Recent experience and scientific studies are clear. Storm patterns are worsening and it is no longer prudent to delay action. We will never have perfect science; however sufficient science is available now. This project will protect the community with adequately reliable, local-scale information to support informed decisions. – Latham Stack, CEO of Syntectic.

The interdisciplinary team includes lead investigator Latham Stack, CEO of Syntectic International; Michael Simpson, Jim Gruber, and Colin Lawson of Antioch University New England; Dr. Robert Roseen of the University of New Hampshire Stormwater Center; Thomas Crosslin from Climate Techniques of Portland, Oregon; and Robert Wood of the Lake Sunapee Protective Association. Internationally recognized adaptation expert Joel Smith with Stratus Consulting in Boulder, Colorado will also be a team member. Five of the eight researchers are either Antioch New England alumni or faculty.

The project, funded by the Climate Program Office of the National Oceanic and Atmospheric Administration, will focus on the lake Sunapee watershed area. This region, like many others, is experiencing an unusual and ongoing period of extreme or record rainfalls that significantly diverge from the historical climate pattern. Previous studies by the team in New England found that, as a result of already changed rainfall patterns, portions of existing drainage systems are currently undersized.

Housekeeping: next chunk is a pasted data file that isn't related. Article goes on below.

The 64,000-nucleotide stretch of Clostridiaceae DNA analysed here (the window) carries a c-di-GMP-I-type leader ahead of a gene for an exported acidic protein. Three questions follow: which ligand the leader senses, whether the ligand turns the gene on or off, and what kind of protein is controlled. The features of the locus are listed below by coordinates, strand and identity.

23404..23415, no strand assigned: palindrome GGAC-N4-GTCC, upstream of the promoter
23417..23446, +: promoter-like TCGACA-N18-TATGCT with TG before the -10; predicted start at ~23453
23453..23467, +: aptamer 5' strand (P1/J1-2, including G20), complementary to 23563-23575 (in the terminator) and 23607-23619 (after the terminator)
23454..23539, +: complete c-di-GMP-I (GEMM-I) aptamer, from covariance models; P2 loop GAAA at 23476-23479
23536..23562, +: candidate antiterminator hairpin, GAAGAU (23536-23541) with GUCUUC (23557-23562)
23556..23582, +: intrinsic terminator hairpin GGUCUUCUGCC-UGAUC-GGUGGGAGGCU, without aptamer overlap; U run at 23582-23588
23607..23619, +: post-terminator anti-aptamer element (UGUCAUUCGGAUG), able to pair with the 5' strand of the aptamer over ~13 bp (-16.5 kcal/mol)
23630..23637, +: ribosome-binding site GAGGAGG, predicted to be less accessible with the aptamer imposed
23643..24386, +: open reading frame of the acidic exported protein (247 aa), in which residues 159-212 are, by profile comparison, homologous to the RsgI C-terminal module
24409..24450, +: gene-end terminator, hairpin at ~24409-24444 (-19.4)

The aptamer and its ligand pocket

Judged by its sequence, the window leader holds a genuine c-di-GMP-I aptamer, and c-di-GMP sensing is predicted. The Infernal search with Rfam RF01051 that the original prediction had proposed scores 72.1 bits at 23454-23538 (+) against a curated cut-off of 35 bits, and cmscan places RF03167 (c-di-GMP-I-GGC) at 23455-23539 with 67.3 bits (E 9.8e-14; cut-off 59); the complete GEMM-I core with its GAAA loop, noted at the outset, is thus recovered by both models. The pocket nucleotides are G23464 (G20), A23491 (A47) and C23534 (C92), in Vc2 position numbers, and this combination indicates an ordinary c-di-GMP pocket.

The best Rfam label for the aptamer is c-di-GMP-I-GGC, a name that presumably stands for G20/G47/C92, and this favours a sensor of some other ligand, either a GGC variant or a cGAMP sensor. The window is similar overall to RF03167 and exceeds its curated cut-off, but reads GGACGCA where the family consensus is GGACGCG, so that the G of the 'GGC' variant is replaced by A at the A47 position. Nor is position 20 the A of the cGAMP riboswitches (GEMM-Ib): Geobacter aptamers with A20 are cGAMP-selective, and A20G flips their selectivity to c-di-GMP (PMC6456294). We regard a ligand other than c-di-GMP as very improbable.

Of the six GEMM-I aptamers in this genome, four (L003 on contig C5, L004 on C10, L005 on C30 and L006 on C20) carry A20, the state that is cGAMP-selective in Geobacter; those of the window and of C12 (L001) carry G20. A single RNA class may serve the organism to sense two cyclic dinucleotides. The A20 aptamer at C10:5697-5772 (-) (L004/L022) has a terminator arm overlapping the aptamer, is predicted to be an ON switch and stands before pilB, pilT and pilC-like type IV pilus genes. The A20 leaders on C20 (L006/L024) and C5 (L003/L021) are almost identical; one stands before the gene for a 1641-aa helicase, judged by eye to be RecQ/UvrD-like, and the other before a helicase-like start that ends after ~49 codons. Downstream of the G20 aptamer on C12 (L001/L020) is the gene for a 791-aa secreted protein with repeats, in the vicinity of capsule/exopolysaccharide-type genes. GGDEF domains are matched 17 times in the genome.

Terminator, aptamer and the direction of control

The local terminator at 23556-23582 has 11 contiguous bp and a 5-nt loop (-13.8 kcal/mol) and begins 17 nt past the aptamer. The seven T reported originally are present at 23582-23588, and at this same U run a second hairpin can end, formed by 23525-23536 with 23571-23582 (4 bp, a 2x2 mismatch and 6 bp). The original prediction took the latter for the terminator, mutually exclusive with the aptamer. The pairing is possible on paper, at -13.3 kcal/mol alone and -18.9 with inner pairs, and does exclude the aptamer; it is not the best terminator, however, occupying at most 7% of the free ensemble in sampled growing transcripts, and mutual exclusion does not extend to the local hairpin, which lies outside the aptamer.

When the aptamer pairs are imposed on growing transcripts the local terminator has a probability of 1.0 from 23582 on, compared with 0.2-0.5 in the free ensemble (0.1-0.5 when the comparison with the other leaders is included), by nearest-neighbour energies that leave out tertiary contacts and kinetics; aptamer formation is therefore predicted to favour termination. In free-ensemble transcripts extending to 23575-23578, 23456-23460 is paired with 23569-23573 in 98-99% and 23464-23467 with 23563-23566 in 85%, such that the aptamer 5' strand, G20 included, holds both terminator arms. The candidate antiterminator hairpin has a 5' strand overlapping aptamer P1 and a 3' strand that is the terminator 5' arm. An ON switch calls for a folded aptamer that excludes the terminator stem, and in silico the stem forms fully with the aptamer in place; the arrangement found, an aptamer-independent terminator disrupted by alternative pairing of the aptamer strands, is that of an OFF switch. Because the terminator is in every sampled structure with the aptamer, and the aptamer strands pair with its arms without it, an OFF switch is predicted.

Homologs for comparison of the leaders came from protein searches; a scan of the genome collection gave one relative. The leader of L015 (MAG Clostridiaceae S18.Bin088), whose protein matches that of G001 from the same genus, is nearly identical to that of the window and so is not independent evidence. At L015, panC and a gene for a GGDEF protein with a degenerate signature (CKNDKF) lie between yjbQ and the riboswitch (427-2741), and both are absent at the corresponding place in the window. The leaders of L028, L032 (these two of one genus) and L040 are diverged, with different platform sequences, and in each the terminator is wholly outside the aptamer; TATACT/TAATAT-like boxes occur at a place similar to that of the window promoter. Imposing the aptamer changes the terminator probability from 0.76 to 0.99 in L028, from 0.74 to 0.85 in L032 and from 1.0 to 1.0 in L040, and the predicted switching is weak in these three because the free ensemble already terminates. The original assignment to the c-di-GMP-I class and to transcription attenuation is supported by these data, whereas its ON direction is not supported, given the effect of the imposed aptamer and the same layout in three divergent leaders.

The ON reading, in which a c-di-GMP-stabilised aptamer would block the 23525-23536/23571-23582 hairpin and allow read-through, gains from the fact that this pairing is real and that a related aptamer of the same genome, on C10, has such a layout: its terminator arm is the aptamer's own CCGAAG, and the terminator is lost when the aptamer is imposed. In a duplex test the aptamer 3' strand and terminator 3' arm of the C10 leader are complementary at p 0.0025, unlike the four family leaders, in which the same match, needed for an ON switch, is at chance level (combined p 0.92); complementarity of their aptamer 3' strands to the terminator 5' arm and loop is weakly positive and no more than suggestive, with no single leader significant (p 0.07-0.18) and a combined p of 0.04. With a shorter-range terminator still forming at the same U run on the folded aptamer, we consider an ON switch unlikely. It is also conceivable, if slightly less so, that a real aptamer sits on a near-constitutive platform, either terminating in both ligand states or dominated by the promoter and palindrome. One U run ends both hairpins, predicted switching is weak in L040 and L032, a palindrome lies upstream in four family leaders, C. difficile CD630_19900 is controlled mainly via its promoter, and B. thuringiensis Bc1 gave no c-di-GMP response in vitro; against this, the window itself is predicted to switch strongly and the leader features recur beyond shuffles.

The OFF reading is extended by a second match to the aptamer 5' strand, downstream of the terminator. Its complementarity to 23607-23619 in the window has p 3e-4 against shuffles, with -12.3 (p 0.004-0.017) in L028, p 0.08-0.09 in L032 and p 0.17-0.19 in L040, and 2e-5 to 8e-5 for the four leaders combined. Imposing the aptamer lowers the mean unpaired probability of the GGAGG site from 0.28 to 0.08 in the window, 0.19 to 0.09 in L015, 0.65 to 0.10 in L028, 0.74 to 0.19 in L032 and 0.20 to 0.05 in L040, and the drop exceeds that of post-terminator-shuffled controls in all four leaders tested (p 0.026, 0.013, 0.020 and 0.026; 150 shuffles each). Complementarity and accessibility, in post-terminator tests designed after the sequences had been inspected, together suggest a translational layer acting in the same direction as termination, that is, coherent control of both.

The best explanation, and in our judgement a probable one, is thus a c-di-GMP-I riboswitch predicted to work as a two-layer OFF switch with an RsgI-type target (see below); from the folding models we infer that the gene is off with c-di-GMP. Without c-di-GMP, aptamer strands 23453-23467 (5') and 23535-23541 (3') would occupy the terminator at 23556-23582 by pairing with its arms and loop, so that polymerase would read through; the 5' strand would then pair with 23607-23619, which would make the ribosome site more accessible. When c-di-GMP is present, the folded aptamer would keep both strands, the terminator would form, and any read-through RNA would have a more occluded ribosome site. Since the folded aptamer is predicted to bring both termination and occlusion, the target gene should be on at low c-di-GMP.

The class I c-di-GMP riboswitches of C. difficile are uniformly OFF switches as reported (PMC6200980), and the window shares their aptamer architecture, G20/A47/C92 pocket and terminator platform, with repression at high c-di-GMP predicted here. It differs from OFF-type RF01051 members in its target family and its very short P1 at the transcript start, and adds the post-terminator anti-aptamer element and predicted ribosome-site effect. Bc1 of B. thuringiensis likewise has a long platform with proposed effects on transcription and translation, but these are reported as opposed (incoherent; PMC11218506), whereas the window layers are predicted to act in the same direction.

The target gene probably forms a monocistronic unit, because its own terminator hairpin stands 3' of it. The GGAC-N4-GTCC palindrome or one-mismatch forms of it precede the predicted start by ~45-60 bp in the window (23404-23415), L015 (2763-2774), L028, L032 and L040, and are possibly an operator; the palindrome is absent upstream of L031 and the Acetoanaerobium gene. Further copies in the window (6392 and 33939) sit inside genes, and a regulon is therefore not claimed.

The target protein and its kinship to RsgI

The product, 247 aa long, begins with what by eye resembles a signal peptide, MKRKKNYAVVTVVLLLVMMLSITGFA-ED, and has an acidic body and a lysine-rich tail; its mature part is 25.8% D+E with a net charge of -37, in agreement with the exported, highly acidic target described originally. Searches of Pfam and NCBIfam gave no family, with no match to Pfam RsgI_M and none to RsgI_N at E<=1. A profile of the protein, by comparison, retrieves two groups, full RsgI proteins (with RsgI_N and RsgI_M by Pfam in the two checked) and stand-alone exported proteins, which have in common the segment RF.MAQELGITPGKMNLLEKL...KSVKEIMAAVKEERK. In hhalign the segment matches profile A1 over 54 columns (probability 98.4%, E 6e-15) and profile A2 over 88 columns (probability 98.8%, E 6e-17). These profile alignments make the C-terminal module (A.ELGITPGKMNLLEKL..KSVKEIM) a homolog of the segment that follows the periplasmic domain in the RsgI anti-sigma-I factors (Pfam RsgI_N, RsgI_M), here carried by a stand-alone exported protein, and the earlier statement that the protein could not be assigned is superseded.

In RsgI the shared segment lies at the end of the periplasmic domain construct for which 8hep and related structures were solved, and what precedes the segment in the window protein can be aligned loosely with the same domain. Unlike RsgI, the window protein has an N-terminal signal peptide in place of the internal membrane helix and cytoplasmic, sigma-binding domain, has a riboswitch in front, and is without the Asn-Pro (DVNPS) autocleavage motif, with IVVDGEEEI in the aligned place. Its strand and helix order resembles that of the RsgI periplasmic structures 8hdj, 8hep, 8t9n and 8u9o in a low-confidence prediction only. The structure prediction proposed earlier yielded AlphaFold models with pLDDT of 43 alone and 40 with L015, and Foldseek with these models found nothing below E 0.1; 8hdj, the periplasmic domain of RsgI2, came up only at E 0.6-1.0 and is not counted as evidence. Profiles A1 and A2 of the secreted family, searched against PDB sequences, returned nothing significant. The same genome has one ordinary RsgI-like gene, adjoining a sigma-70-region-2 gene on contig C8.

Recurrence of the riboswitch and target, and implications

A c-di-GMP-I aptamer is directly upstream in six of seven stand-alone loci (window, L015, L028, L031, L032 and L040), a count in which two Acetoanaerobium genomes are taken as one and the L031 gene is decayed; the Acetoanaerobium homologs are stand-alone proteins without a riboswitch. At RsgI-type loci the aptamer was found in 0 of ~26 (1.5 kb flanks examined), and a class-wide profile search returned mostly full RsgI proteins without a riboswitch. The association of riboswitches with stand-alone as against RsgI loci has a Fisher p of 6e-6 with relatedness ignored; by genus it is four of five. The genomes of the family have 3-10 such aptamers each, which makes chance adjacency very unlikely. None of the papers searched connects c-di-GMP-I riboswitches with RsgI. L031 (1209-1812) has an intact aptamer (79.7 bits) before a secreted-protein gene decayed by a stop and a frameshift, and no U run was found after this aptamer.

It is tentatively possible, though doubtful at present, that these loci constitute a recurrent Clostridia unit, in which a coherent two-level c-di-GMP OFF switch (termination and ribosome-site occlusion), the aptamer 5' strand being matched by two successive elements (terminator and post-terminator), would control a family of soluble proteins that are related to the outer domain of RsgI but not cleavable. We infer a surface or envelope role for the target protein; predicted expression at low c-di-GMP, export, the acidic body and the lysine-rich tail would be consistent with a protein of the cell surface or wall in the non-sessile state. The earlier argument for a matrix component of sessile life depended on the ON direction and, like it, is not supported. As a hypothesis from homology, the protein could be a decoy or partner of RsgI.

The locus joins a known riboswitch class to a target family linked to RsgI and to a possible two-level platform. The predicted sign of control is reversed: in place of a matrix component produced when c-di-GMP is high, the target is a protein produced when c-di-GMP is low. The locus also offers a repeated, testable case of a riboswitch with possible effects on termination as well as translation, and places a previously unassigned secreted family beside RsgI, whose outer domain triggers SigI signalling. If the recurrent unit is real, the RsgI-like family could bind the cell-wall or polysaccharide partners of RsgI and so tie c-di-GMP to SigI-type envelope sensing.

By encouraging the participation of local stakeholders, the project will empower citizens to choose adaptation plans that are best for their towns. For example, Low Impact Development methods can minimize runoff and significantly reduce the need for more expensive drainage system upgrades.

According to Michael Simpson, director of Antioch New England’s Resource Management and Conservation master’s program, “The availability of reliable and economical solutions can make the difference between returning to historical protection levels, or continuing to expose people and assets to worsening hazards.” Simpson explained that storm water engineers and planners have always needed to cope with uncertainty and change, and the construction of water systems designed using best-available knowledge has always proceeded in parallel with the development of theory. “The past was not as certain as we like to think, and problems posed by population growth and climate change are actually not that different from previous challenges,” said Simpson.